Defining poverty line for Hong Kong is just the first step
Leung Chun-ying appointed a task force to prepare for the revival of the Commission on Poverty even before he became chief executive. Since then the issue has been getting the attention it deserves, free of the distractions of controversy that have dogged this administration during its first 100 days like no other since the handover. The group says the city will define a poverty line that will help shape policy for recognising and alleviating the plight of low earners and welfare recipients. Officials now acknowledge what has been obvious for a long time: that the material benefit of economic growth has not filtered down through society equitably. The poor and less-well-off have missed out.
It was the flawed assumption that economic growth would benefit every level of society that led Leung's predecessor, Donald Tsang Yam-kuen, to scrap the poverty commission. Tsang has since admitted this idea was wrong. Piecemeal government relief measures failed to make lasting amends. Officials did not address the vexing question of a poverty line, or irreconcilable differences between official estimates of the number of Hongkongers living in poverty and those of non-government organisations.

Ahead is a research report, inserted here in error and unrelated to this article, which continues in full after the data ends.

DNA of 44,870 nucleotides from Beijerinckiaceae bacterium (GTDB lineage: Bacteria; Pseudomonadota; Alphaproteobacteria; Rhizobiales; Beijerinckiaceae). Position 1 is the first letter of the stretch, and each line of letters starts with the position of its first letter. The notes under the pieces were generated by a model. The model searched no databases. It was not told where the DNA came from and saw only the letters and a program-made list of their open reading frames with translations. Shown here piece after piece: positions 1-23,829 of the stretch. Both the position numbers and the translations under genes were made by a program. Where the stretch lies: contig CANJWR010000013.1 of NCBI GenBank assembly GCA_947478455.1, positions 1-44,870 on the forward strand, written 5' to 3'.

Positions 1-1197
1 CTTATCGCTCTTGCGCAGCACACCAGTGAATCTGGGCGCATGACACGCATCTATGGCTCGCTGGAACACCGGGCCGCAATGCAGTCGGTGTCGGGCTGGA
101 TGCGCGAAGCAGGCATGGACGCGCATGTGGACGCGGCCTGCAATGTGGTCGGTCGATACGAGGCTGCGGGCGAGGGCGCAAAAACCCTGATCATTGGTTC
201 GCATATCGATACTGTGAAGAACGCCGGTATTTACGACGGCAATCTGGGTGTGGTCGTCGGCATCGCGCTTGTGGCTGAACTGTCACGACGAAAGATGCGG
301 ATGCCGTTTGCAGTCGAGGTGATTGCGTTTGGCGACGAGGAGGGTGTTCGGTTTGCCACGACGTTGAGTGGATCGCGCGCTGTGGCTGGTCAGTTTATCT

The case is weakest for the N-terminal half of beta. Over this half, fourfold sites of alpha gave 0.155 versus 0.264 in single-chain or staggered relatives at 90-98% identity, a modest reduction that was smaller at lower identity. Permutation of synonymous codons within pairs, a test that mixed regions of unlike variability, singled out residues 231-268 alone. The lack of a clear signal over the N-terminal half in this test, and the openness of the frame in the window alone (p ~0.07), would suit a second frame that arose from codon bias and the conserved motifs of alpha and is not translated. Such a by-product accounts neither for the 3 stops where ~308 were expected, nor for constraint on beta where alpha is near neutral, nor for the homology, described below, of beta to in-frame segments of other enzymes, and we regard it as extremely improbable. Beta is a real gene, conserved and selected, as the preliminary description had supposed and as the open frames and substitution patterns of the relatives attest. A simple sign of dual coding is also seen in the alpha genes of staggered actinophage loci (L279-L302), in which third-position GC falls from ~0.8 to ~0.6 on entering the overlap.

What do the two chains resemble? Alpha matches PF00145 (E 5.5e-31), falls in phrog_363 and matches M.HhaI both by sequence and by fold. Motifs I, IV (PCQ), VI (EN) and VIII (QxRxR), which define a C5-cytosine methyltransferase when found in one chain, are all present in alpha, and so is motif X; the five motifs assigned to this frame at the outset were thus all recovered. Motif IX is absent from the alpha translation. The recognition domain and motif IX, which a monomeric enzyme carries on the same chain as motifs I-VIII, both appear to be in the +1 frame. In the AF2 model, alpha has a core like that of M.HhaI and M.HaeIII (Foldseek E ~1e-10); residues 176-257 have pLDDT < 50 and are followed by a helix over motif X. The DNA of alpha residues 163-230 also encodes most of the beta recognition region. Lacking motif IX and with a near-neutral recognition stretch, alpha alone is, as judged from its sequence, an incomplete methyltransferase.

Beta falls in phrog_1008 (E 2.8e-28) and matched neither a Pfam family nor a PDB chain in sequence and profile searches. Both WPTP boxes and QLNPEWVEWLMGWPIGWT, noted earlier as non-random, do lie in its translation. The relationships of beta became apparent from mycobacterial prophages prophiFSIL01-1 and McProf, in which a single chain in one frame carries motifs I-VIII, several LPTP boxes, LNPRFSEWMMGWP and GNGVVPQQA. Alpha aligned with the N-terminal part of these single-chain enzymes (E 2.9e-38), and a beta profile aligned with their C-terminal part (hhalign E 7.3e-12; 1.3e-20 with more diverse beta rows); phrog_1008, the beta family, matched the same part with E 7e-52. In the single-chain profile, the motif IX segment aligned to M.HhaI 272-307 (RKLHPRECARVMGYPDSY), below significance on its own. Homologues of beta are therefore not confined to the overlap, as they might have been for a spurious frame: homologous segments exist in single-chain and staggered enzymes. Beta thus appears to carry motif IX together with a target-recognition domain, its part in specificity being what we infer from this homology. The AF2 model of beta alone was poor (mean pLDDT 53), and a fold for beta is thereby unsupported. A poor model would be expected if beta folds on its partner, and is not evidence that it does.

Task force member and NGO representative Ho Hei-wah says the administration acknowledges the need to set benchmarks to define poverty based on international standards. The commission's priority, however, should be to investigate the true extent of poverty in Hong Kong so there can be informed public debate on whether a poverty line is necessary.
Leung has said the issue is to lift the incomes of the poor through welfare services. Such thinking will raise old fears of welfarism and spark calls for a revival of the self-reliance and hard work on which the city's success has been built. There is still a place for these values. But a wealthy, advanced society is also judged by its policies for the poor and disadvantaged and equal opportunity.
The Tsang administration did introduce the important anti-poverty measure of a minimum wage, which will give the commission more room to support enhanced social security without destroying the incentive to work.
A poverty line would just be a starting line for addressing growing income disparity that has spread to a growing middle underclass not poor enough to qualify for help.